No matter how many times I’ve seen a child get robbed of his or her inheritance, it still makes me sick.
Bob and Linda, both with children from a previous relationship, got another chance at love. Unfortunately, neither of them had a will or trust (an estate plan). Like most couples, Bob and Linda wanted their money and property to go to whichever spouse lives longer so that the living spouse will be taken care of. But, once they both pass on, Bob and Linda intended for everything that was theirs to be split equally among all their children, stepchildren included (no Cinderella stories here). They figured that their children would figure out how to split their money fairly.
Unfortunately for Linda’s children, that’s not what happened. Instead, when Linda passed away, all of her money went to Bob. At that point, it was all Bob’s money; none of it belonged to Linda anymore (she died, remember?). When Bob finally passed away, however, guess where the money and stuff went? Here’s a hint, none of it went to Linda’s kids. Nope. All of it went to Bob’s kids. The worst part? When Bob and Linda got married, Linda had almost twice as much money as Bob. That’s right. Even though Linda had way more money when they got married, it all ended up going only to Bob’s children. Because Bob and Linda failed to get their wills and trusts in order, Linda’s children lost out on what should have been their inheritance.
Don’t let that happen to your children! A carefully crafted will and trust can ensure that your property and assets will go where you want them to go.
What’s that you say? All your children get along? Good! You still need a will or trust! Take the example of Joe and Carrie. They were childhood sweethearts that eventually married and had a boy and a girl (the perfect American family). They all lived happily ever after… well, sort of. At the age of 64, Joe died from cancer. Two years later, Carrie, while driving with her daughter, got into a terrible car accident. Both Carrie and her daughter passed away. So, all of Carrie’s money was split evenly between Carrie’s living son and, guess who else? The daughter’s children. Carrie’s daughter had two boys, a 16-year-old and a 19-year-old. Sadly, due to the nature of teenage boys, not one penny was spent on college, a house, or investments. In fact, one of the boys purchased an expensive sports car with his inheritance and wound up in his very own severe car accident. While Joe and Carrie knew their kids would get along, they didn’t plan on their money being passed to financially inexperienced grandchildren.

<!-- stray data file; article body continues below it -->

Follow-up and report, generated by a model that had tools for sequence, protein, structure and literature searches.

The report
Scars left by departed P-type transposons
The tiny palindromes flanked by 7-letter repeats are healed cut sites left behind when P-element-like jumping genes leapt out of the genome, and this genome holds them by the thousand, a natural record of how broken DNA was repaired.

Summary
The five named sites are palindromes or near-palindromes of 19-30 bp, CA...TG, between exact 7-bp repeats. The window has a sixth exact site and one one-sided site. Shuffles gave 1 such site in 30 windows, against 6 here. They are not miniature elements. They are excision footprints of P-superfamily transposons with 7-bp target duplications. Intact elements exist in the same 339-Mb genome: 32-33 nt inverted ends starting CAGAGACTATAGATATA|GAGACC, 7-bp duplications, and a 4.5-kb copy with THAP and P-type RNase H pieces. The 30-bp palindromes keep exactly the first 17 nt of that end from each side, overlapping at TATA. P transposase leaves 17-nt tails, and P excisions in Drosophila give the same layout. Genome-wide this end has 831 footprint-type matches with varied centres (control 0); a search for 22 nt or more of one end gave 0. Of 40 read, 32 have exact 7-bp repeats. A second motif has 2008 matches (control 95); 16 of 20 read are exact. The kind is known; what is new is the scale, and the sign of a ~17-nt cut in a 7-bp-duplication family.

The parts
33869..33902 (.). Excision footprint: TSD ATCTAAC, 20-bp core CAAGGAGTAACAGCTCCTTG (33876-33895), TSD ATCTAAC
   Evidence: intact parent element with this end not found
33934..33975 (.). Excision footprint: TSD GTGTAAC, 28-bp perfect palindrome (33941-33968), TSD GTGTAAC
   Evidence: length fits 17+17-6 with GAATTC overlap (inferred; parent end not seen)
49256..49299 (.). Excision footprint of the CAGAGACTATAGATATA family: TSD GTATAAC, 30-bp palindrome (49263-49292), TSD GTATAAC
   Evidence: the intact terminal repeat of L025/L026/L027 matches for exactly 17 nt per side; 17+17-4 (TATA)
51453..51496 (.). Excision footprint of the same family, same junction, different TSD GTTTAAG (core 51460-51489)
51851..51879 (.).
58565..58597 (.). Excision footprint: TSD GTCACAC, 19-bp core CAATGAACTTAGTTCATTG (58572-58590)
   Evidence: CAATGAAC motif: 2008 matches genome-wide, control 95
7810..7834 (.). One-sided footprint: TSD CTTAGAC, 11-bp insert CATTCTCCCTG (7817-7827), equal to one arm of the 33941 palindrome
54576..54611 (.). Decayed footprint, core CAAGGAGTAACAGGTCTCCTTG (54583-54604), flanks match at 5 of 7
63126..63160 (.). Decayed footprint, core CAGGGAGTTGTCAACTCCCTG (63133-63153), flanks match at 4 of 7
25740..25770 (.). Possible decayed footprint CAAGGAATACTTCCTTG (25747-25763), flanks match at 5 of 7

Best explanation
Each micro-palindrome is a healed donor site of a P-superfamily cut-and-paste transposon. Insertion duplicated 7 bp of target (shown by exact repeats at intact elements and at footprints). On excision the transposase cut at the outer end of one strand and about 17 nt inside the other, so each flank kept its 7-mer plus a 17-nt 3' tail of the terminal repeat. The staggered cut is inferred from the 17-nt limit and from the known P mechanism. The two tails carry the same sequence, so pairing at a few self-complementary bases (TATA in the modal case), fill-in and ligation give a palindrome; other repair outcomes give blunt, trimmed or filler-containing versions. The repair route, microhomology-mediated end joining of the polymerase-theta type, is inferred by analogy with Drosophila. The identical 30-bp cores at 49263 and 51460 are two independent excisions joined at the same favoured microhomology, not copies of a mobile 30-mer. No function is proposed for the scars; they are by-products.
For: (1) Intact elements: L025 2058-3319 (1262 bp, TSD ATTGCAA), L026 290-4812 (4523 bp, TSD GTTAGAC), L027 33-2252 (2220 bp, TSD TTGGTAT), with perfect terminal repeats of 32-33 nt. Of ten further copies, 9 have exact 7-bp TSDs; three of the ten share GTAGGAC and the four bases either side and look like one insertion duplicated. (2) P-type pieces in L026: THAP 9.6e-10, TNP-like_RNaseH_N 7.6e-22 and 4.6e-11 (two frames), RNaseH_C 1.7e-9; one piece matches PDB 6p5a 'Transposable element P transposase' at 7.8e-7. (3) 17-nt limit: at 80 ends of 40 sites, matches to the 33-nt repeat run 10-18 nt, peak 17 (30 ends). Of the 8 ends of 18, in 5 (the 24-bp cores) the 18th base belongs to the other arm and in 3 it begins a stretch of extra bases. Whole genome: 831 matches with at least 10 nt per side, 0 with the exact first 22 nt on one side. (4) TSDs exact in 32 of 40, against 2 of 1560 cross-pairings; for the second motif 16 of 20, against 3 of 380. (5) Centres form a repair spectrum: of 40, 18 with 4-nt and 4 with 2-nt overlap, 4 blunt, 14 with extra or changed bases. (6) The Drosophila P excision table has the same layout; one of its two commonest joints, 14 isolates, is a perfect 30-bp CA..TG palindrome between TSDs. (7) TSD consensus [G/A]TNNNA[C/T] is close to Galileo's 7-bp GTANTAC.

Don’t let your descendants “blow” their inheritance!
A proper estate plan can make sure your hard-earned life’s work won’t be wasted on frivolity. As an example, my personal estate plan directs that in order for any of my decedents to receive their inheritance they have to either;
1) Graduate from an accredited 4-year university, 2) Be married for five consecutive years to the same person, or 3) Live to the age of 35. In theory, if my descendants do one of those things, they’ve proven themselves to be somewhat responsible (the important phrase here is “in theory”). You can pick whatever requirement that you see fit. Each estate plan, every will, and all trusts are completely tailored to your desires.
You may think that just because you don’t have much inheritance you don’t need a will or a trust, huh? Unless you’re living under a bridge (in which case I’m not sure how you’re reading this article online) you’ve got something to leave behind.
By taking a little time now, you can make sure that your descendants inherit what you want them to inherit when you want them to inherit it. The last thing you can do for your children or grandchildren here on earth gives them an inheritance. Make sure yours leaves a legacy as great as the life you’ve lead.
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